Journal – Week 4
Tutoring Peer Writers
The aspects of writing that concern me the most are flow, coherence, organization and style. Once I have a topic chosen, coming up with the content of what the paper will be, or gathering information about that topic isn’t hard. Organizing that information into a coherent paper that flows from one idea to the next is what troubles me. Maybe this is due to a lack of experience, but for some reason I can’t get away from the habit of rambling on in generalities and taking too long to make a point. This problem could stem from the way I talk, and the types of people I like to listen to and read. I don’t like to read or listen to a lot of baloney surrounding the main points, nor do I try to say things with a lot of baloney attached to them. It doesn’t make me particularly eloquent or even fun to listen to at times but at least I get to the point. But when I write I go on and on and on before getting to the point. There is a lot of baloney attached to my writings. Being concerned with word or page count could lead to this problem. But if I’ve done my homework having enough material shouldn’t be a problem. So when I read I don’t like seeing a lot of crap—I want the barebones facts with some examples thrown in to illustrate the main idea or point. For this reason I didn’t particularly like either North essay. He just went on and on and on, either repeating himself or saying nothing. I would have preferred him just say this is why writing centers are important, and then list the reasons why. Present readers with his ideas and then let them decide. But he supplied a lot of anecdotes about nothing really and it was boring. Consequently I had trouble sticking around long enough to get his gist. The second North essay was better because he did list scenarios relevant to writing center work and could help convince people of their relevance.
In another class we are reading a textbook by Gunther Kress. He is writing about the evolution of literacy. What is the new literacy is the old manner of defining literacy still pertinent, things like that. I don’t like the text book because it is incoherent. I can’t understand anything he is saying, or even if he is even saying anything. He’s using lots of big words, lots of words that aren’t even words but words that he has invented; he repeats himself over and over again. He is so hard to read that the instructor cancelled a test on three of his chapters because no one could follow along with him. After the teacher lectured I understood better what he was trying to say, and she didn’t need to ramble on and on. She took the ideas he was trying to convey and made them simple to understand. He made them hard, like it is a contest to confuse his readers, or if he was writing to his peers only, or something like that.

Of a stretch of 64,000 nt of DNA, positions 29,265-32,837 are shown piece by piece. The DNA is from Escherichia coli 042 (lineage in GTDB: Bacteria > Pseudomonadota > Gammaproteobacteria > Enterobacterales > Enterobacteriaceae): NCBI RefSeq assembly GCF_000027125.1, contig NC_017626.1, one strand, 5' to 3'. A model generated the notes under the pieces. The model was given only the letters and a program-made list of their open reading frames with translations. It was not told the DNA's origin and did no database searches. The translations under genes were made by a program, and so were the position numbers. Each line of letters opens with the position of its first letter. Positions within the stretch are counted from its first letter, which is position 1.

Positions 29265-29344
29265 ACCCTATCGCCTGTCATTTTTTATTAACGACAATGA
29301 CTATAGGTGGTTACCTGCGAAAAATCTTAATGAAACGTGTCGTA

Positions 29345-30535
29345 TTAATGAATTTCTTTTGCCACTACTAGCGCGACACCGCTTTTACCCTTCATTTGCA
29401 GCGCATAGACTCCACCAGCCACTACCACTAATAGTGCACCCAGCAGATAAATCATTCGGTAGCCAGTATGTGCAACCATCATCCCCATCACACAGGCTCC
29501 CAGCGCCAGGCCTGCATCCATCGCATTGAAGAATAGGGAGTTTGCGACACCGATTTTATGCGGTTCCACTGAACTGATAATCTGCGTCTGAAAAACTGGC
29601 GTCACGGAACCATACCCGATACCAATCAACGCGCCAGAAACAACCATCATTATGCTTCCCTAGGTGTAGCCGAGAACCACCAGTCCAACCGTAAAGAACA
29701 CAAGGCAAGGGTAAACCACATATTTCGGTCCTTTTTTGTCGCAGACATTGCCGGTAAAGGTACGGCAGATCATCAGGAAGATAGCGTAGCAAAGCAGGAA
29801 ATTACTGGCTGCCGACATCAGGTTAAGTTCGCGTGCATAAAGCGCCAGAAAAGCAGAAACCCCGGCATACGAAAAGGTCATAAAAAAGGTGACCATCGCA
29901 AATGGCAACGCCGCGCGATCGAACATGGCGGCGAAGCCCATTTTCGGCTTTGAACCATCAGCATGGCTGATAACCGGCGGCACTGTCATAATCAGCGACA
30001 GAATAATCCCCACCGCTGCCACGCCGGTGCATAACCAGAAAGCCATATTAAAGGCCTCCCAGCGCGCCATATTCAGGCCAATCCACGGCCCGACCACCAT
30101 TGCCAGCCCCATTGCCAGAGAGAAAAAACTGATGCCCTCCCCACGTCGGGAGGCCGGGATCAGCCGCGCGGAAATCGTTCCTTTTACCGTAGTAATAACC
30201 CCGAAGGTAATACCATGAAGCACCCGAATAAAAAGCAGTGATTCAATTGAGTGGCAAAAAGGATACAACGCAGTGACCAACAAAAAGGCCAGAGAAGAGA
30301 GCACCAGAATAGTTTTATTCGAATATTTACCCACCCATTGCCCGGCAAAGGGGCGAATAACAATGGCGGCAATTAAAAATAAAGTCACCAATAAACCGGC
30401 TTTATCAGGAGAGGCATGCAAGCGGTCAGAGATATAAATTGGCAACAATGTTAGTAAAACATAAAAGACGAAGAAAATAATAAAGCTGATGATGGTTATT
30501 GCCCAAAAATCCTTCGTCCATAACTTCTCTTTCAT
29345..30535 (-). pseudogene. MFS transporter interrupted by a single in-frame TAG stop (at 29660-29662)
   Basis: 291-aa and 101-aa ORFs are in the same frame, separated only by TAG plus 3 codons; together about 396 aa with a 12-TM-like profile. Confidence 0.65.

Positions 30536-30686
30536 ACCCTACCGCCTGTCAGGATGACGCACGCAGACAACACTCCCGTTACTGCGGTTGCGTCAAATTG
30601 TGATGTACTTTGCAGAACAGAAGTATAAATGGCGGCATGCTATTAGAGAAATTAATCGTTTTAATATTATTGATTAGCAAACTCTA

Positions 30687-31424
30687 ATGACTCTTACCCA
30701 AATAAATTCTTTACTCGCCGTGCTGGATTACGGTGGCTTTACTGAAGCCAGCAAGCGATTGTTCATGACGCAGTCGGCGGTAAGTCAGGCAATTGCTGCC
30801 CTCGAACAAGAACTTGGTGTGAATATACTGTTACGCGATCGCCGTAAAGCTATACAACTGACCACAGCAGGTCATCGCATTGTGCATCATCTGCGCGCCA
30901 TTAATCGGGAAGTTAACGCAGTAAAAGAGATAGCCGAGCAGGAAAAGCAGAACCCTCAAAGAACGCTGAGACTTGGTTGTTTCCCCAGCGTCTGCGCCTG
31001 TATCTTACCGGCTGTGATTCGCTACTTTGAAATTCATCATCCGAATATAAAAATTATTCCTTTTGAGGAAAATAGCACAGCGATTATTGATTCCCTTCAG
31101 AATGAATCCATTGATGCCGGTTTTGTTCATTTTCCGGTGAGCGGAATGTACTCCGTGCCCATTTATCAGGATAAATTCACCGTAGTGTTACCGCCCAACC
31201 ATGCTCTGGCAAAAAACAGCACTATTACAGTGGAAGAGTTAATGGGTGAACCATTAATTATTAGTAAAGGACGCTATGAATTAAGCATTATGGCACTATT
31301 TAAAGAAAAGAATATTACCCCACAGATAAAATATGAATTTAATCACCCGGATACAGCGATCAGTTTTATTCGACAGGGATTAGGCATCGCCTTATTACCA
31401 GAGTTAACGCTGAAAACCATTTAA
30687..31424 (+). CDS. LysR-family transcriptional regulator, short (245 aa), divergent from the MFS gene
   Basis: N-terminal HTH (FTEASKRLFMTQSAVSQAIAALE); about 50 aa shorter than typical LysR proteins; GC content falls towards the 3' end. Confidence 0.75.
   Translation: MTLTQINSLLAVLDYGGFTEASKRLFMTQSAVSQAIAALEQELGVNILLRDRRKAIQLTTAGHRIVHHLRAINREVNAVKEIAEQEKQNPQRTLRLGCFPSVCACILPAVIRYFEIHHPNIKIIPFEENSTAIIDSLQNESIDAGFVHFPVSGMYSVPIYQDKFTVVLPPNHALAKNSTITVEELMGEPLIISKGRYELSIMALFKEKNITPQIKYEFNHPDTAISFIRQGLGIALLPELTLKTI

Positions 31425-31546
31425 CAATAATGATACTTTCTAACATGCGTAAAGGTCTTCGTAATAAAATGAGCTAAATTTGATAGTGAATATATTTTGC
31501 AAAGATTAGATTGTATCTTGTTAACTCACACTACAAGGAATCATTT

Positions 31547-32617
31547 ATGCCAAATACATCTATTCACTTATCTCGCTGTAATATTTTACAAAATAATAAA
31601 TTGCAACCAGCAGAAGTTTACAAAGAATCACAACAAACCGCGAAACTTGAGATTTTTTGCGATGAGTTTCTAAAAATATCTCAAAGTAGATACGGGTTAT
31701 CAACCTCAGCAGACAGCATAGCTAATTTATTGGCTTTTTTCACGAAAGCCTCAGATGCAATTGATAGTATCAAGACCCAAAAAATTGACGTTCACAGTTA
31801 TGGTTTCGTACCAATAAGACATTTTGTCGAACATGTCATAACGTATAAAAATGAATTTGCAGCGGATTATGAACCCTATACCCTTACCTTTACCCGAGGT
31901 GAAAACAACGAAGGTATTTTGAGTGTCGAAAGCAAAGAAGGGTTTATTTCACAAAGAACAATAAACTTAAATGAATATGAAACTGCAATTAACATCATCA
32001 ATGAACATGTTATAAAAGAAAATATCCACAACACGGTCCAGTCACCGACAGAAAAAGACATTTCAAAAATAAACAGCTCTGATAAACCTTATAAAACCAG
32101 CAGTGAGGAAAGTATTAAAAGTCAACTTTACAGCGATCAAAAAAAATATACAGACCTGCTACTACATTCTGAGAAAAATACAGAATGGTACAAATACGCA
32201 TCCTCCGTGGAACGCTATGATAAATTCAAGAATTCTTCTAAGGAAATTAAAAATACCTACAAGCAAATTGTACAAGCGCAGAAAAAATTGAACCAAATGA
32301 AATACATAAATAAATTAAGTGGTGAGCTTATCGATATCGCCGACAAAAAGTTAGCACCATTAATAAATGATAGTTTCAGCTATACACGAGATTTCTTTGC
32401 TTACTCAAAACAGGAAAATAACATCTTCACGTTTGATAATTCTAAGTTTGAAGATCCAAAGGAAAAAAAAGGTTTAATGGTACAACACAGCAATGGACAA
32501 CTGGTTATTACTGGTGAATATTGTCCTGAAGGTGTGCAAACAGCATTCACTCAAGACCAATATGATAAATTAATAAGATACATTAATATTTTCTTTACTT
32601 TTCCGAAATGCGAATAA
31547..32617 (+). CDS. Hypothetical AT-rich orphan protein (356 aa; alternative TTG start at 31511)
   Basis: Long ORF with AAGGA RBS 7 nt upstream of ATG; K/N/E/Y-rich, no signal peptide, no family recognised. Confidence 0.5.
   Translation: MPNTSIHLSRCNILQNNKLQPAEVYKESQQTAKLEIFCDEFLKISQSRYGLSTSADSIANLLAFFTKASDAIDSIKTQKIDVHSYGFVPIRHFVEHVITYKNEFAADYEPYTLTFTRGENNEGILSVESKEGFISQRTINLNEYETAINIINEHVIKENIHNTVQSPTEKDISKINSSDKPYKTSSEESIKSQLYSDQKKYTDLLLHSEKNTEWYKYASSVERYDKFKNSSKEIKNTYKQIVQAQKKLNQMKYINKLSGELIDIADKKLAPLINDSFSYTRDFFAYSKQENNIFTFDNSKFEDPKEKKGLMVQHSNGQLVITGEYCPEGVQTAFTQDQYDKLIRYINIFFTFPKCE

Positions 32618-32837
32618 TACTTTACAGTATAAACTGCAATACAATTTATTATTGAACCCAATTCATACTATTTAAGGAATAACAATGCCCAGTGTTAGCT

The Bedford Guide is an example of better writing. It is concise, follows a clearly defined layout, and gets to the point of each chapter quickly. I understand that it is basically a how to book but the author’s there weren’t trying to impress anyone with their vocabulary and did a very good job of telling people how to tutor. The textbook for my fiction class is also this way. Each chapter presents one aspect of fiction writing and goes into just enough detail to explain each aspect clearly. The chapters are short and the material is easier, but this particular author seems to want her readers to pick-up what she is saying about fiction writing. Her examples are easier to get also.
If I were to explain to someone what good organization is I would point to the old five paragraph formula my classmates frequently refer to. First and introduction, then a few bodies paragraphs talking about the thesis of the paper, and then a conclusion. It wouldn’t be as basic as this but the principle is the same. Don’t waste time getting to the point, a short intro and then the point. People want the main course and don’t want to feed on appetizers all day. I tried this approach with my interview essay. I noticed some of my classmates had more protracted beginnings before getting to the information about the person they tutored. This may not make for entertaining reading but the paper itself had a focus, Janine, so I wanted most of what people read to be about her and what she had to say. I had trouble in my Intro to Critical Reading essays with a lot of fluff and less focus on the assignment. I was told this repeatedly by the instructor. I have also noticed that for longer papers a well planned organizational layout of the paper will practically write the paper itself. So for new writers I couldn’t stress organization enough.
Coherence and flow come from a good organization. From Step 1 to Step 2 to Step 3 and so on, just following along with the outline and the paper will flow from topic to the next. How to go about the transitions is another matter and is a matter of style. My generally style is light and humorous and informal.
When I’m reading essays or columns it the style of the writer makes a big difference to me. Maureen Dowd is one of my favorite columnists but sometimes her habit of giving nicknames and dropping in pop culture references can detract from her point but overall I like it. I disagree with the politics of William Safire and Charles Krauthammer but they are both, in my opinion, highly intelligent and skilled writers so I read them because I like to read well written pieces. The style of a writer for the Post-Gazette grates on me with his continual use of humor. I took a class taught by him once and I liked him personally but his style of writing makes him unreadable. All these writers have different styles and all are successful so for new writers I’d advise them to find that inner voice and use it to the best of their abilities.